Cell lysates were determined by a bicinchoninic acid (BCA) protein assay kit. The proteins were subjected to 10% sodium dodecyl sulfate polyacrylamide gel electrophoresis (SDS-PAGE). After that, the gels were transferred to polyvinylidene difluoride (PVDF) membranes, which were incubated with rabbit polyclonal anti-SMAD2 (dilution 1:800), anti-SMAD3 (1:1,000), anti-SMAD7 (1:1,200), and anti-GAPDH (1:600) antibodies (all BD, Franklin Lakes, NJ, USA) overnight at 4°C. After washing with PBS three times, the membranes were incubated with a secondary polyclonal peroxidase labeled antibody for 2 h, and detected using autoradiography films (Amersham HyperFilm ECL; GE Healthcare, Fairfield, Connecticut, USA). Quantification was performed on Quantity One.
All statistical analyses were conducted on SPSS 16.0 with the significance level at P<0.05. All experiments were repeated three times and a representative experiment result was shown with SD.
Analysis of miR-21-5p in GC tissues or cells
MiR-21-5p is abnormally expressed in digestive cancers. Here the expression levels of miR-21-5p in GC tissues (Figure 1A) and SGC-7901 cells (Figure 1B) were determined by qRT-PCR. Clearly, miR-21-5p expressions were upregulated significantly in both GC cells and SGC-7901 cells compared with normal tissues or cells.
Analysis of target genes of miRNA-21-5p by Targetscan
Since miRNAs play a gene silencing function by binding target genes at post-transcriptional and transcriptional levels, we predicted the target genes of miRNA-21-5p on Targetscan. Interestingly, we found about 21 target genes by bioinformatic analysis and were more interested in SMAD7 (Figure 2A). We acquired the information about miRNA-21-5p binding with the sites in the 3′UTR of SMAD7 (Figure 2B).
Analysis of SMAD7 expression in GC tissues or cells
The 3′UTR of SMAD7 gene was a target site of miR-21-5p. SMAD7 proteins in GC tissues were detected by IHC (Figure 3A). Additionally, the expression levels of SMAD7 genes in GC tissues (Figure 3B) and SGC-7901 cells (Figure 3C) were determined by qRT-PCR. Experiments indicated SMAD7 genes or proteins were decreased in tissues and SGC-7901 cells compared to normal tissues or cells.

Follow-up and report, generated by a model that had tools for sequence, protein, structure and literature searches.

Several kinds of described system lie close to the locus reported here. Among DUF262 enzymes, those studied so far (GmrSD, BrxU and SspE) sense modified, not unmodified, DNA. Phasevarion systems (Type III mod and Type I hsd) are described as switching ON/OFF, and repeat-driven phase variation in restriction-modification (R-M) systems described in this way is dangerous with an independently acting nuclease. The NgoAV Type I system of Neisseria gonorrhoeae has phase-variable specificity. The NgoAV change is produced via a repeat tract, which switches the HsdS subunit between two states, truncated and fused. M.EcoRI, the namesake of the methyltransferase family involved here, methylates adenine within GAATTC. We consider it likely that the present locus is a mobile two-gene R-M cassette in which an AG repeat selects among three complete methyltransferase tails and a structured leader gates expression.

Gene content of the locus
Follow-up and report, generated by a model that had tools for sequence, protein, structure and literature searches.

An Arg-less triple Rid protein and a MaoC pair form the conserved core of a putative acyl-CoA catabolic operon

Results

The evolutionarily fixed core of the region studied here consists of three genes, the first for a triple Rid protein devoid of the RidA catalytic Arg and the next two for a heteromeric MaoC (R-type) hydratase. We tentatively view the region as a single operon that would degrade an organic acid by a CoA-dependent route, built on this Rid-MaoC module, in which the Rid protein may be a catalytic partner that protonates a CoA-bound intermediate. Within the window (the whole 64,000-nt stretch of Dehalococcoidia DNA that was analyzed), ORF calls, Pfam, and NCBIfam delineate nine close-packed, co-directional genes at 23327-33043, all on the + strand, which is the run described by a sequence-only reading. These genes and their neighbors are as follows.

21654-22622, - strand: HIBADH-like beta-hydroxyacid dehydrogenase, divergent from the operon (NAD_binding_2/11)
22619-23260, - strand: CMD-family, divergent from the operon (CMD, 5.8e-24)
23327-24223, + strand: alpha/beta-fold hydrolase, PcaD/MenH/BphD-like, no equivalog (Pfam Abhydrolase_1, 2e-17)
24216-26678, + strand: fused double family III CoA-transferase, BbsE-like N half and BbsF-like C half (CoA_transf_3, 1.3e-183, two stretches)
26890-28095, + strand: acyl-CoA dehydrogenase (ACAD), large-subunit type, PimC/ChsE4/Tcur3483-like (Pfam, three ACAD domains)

SMAD7 as a target gene of miR-21-5p
Targetscan predicted that miR-21-5p bound the 3′UTR of SMAD7 (Figure 4A). The relationship between miR-21-5p and SMAD7 was validated by luciferase reporter assay. Plasmids of SMAD7-UTR-pISo (WT) and Mu-SMAD7-UTR-pIS0 (MUT) were constructed and transfected into SGC-7901 cells. Results showed the luciferase activity of SMAD7-UTR-pISo (WT) was significantly enhanced by miR-21-5p inhibitors, and significantly weakened by SGC-7901 cells transfected with miR-21-5p mimics (Figure 4B). The miR-21-5p expression of SGC-7901 cells was downregulated evidently after transfection with miR-21-5p inhibitors, but was remarkably upregulated after transfection with miR-21-5p mimics (Figure 4C). Meanwhile, the SMAD7 expression of SGC-7901 cells was significantly upregulated by transfection with miR-21-5p inhibitors, but was obviously downregulated by transfection with miR-21-5p mimics (Figure 4D). In all, SMAD7 is targeted and regulated by miR-21-5p.
The knockdown of miR-21-5p inhibited GC cell growth
It is well established that miR-21-5p expression promotes the proliferation and invasiveness of breast cancer cells and prostate cancer cells. Thus, we investigated if GC cell growth could be inhibited in response to miR-21-5p knockdown. The proliferation levels of GES-1, SGC-7901, BGC-823, and MGC-803 cells (Figure 5A–D, respectively) transfected with miR-21-5p inhibitors, miR-21-5p mimics, and negative miRNAs were analyzed by CCK-8 assay, with GES-1 cells as the control. As expected, miR-21-5p knockdown dramatically inhibited the proliferation levels of SGC-7901, BGC-823, and MGC-803 cells, while the over-expression of miR-21-5p induced an increase of cell proliferation in these three GC cell lines.
MiR-21-5p knockdown decreased the migration and invasion of SGC-7901 cells
With invasion and metastasis abilities, cancer cells can pass through the basement membrane, migrate to distant tissues, and invade other tissues. In this study, the effects of miR-21-5p on cell migration and invasion were evaluated. The wound-healing assay revealed miR-21-5p knockdown significantly decelerated the scratch closure rate of SGC-7901 cells compared with the control (Figure 6A), suggesting the mobility of SGC-7901 cells was suppressed. Furthermore, the invasion assay demonstrated that the down-expression of miR-21-5p significantly inhibited the invasion capacity of SGC-7901 cells compared with the control (Figure 6B). These results suggest miR-21-5p knockdown could suppress the migration and invasion of GC cells.
Apoptosis analysis of GC cells silenced by siRNA
To investigate the effect of miR-21-5p on GC cells, we transfected SGC-7901 cells with miR-21-5p mimics, inhibitors, and negative miRNA for 24 h, followed by staining with Hoechst 33258 for apoptosis analysis (Figure 7A). Results suggest the knockdown of miR-21-5p significantly promoted the apoptosis of SGC-7901 cells compared with the control, but the over-expression of miR-21-5p inhibited the apoptosis of SGC-7901 cells, indicating miR-21-5p promoted the growth of SGC-7901 cells evaluated by the statistical data of apoptosis (Figure 7B).